'Come And Take It' Wins in San Antonio

On Saturday, several hundred pro-gun activists demonstrated with long guns in the plaza of The Alamo, in San Antonio, Texas. The organizers' Facebook page didn't specify why The Alamo was chosen as the site of the demonstration, but its history provides clues.

The iconic Spanish mission/fortification was the site of the bloodiest military defeat (but perhaps the greatest moral victory) in the Texas Revolution. A semi-organized band of armed civilians held off the Mexican Army for 3 days, before capitulating in a final bloodbath once their enemy breached the walls. The Anglo fighters revolted against Santa Anna's Mexican government because the Federalist constitution of 1824 had been disregarded, and the Mexican army had attempted months earlier to seize some of the Texans' armaments (specifically a canon). The battle over a small canon in Gonzalas, Texas, the first of the revolution, gave rise to the now famous flag:




Prior to yesterday's event, the San Antonio police had harassed open carriers of firearms in the city, and threatened to arrest the demonstrators. Because of the large number and peaceful nature of the protesters, no incidents with the police are known at this time.

There are lessons we can take from this event here and now, and some still to come. The lack of incidents with police is remarkable. San Antonio is an extremely blue city, with an aggressively anti-gun police chief. The protester's fortune cannot be written off to Texas being a gun-friendly state. Rather, their methods of entry to the demonstration site and conduct while there should be studied. It boils down to strength in numbers, and polite behavior. One of the event's speakers posted a list of widely circulated guidelines on his blog prior to the event, and they seemed to have been effective.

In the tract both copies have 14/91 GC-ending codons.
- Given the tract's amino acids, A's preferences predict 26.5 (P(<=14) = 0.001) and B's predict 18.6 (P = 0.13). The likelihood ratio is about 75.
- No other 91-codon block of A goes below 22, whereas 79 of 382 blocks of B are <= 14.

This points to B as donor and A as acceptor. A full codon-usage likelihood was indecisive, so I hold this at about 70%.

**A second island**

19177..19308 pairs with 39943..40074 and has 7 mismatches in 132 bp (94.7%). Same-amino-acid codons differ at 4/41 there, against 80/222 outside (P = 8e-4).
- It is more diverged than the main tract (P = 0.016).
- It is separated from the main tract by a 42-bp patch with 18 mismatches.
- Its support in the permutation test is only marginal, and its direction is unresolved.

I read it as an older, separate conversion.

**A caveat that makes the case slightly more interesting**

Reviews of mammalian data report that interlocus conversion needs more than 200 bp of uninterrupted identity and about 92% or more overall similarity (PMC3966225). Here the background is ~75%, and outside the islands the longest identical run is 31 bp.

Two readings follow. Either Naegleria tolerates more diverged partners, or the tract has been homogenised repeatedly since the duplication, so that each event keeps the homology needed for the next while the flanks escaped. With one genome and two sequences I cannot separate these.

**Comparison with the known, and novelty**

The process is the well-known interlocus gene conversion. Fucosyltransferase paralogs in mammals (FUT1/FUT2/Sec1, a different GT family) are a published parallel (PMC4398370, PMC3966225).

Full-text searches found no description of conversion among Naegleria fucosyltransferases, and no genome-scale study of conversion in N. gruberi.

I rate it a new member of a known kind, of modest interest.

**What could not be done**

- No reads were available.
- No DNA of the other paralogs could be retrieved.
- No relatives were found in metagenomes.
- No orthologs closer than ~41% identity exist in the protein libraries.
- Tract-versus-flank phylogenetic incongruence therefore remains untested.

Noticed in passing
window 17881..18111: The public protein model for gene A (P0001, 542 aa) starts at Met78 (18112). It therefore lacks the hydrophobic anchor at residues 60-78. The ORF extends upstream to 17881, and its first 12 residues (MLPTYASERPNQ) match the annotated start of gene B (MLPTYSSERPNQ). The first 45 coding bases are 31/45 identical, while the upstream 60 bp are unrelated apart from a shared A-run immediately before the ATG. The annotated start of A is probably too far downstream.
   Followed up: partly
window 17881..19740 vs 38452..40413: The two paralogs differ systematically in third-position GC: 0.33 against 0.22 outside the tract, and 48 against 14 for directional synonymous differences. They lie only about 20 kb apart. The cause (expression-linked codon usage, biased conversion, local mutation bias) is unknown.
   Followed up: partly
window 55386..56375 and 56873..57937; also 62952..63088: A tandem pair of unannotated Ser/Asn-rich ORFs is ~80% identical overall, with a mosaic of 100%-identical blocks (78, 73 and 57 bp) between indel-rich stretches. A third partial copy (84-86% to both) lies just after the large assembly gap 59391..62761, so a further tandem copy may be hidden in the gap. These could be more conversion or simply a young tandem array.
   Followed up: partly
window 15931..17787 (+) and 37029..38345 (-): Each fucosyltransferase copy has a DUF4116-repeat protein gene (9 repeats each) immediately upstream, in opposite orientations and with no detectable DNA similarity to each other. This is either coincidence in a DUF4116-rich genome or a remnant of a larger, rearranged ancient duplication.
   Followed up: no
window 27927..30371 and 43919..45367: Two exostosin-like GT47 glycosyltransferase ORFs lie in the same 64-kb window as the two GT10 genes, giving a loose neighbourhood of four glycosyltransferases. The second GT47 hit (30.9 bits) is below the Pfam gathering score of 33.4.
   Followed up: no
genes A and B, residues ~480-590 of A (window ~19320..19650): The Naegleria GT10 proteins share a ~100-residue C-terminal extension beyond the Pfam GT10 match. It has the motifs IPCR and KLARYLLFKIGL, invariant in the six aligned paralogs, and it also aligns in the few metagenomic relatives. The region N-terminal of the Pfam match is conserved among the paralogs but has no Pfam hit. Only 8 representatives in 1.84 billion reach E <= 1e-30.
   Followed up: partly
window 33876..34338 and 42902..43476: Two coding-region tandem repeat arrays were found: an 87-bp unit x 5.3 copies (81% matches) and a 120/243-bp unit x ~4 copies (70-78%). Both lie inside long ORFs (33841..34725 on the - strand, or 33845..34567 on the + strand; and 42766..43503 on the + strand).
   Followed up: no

The long term effect of demonstrations like this is not entirely clear. We saw something similar just days ago when jilted veterans deposited the "Barrycades" blocking off war memorials onto the White House lawn. The media predictably treats these displays with low-key coverage. Twitter posts are also predictable; liberals decry the disruptive nature of liberty lovers, and conservatives express approval. Amongst liberals in Texas, the reaction has been so far limited to a few pitiful and muted editorials. The obligatory tsk-tsk in the Fort Worth Star Telegram is even unsigned.

History is rife with examples of civil disobedience leading to greater victories for the rights of those struggling, but it is also rife with examples of nothing at all coming from demonstrations. As the strategy pertains to gun rights, playing nice and polite politics has met with limited success as of late. The fact is that most legislators in both parties are uneasy with America's love of the gun.

For today, this civil disobedience must be marked as a victory. San Antonio's petty Ayatollahs were simply too cowed by the horde of free citizens to practice their usual "we don't like your kind around here, boy" routine. It is a good thing when the nanny state is unmasked as impotent.

Brae Jager blogs at braejager.blogspot.com.